Along with this is the role confusion I wrestle with as a Christian father. On the one hand, Christians tell me to be the leader of my home, to be the head as Christ is to the church. And yet Christ led by serving. I love this. But when does that mean laying me down to fulfill the requests of the family God has given me, and when does it mean saying “no” in an attempt to lead the family in what I see as the best direction, or just to keep from frying myself?

To say that I feel insufficient understates the thing, leaving me to resort to adverbs. I feel grossly insufficient, terrifically insufficient, spectacularly insufficient.

When I focus on this, it starves my love for my awesome foursome of womenfolk with whom I share a home. My eyes dart nervously from demand to conflicting demand, and my heart feels like my house often looks after a day of preschooler play—undersized, disheveled, disordered, confused…and dangerous. When will I ever get things together, weak and insufficient as I am?

But he said to me, “My grace is sufficient for you, for my power is made perfect in weakness.” Therefore I will boast all the more gladly about my weaknesses, so that Christ's power may rest on me. (2 Corinthians 12:9)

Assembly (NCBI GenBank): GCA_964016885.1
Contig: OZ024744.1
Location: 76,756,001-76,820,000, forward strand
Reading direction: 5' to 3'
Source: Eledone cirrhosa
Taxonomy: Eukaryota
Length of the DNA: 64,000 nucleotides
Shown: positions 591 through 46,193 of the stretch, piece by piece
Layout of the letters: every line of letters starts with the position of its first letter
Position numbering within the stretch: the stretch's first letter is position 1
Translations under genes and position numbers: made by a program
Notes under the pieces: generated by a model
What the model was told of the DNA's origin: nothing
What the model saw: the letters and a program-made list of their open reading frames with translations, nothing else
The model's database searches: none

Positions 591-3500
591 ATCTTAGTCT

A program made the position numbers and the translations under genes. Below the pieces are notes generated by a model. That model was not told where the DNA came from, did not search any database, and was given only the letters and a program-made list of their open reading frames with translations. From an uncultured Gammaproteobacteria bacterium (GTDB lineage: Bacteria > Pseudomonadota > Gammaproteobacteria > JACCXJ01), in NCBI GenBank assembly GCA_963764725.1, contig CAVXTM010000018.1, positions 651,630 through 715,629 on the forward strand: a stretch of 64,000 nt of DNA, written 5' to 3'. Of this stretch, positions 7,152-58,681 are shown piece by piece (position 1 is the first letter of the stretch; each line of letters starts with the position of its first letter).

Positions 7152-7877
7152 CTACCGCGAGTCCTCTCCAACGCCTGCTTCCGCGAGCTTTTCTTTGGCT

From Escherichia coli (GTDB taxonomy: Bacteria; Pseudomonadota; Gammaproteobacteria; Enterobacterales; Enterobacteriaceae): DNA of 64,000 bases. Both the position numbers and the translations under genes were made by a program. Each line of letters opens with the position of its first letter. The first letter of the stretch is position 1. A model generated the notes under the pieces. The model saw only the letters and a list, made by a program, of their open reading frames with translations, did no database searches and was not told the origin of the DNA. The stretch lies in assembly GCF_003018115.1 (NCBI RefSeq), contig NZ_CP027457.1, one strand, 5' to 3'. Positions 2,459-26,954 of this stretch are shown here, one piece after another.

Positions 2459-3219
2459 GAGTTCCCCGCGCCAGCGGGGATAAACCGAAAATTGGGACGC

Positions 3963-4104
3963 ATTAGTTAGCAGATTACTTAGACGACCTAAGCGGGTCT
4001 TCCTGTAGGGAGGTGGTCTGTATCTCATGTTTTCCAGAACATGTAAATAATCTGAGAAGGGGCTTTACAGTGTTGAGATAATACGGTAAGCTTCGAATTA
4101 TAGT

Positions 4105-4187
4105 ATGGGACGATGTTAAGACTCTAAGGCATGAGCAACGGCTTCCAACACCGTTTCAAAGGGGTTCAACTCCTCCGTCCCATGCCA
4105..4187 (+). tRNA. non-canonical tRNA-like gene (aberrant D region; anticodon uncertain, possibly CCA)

This is my only hope.

Have mercy, Lord. I need your all-sufficient grace. You know I am weak. Please let your strength be what shows up as I lead and serve my family. I choose the awesome diversity of their wants and needs. You know how this feels, God, Father of six billion needy, greedy children. Let it make me humble. Give me love and wisdom--and the courage to live these out.

Thursday, March 13, 2008

I'm Mr. Lonely

I feel lonely.

Rachelle and the girls have been two hours away in Carlsbad this week, hanging out at Legoland with her dear friend and family while I worked. Hearing of these plans, I looked forward to a week of peace and projects completed. Unfettered by family obligations, I would catch up on business, watch that Pedro Almodóvar DVD I’ve been saving for weeks, fix the electric quirk plaguing our kitchen chandelier, change the oil, rotate the tires, clean the house, write, get past Ash Wednesday in my book of Lenten readings, catch up on sleep, drink tea and just enjoy having the house to myself.


I did do some of these things. But it was with none of the relish I anticipated, and with more loneliness than I thought possible for a guy who claims to love solitude.

My brother and I have always loved to make fun of “loneliness.” There was a guy named Captain Dynamite on TV whose gig was to sort of blow himself up for the merriment of spectators. He would crawl into a box sporting an Elvis-meets-Flash-Gordon suit, close the lid and wait as the announcer counted down, “Three, two, one…” BLAM! He emerged, stunned from the blast, walking drunkenly back across the field to the delirious laughter and cheers of the crowd. Captain Dynamite was our archetypal “lonely guy,” someone who desperately needs others to notice him, who will do anything for attention, who has nothing better to do with himself other than something, well, something extremely lonely.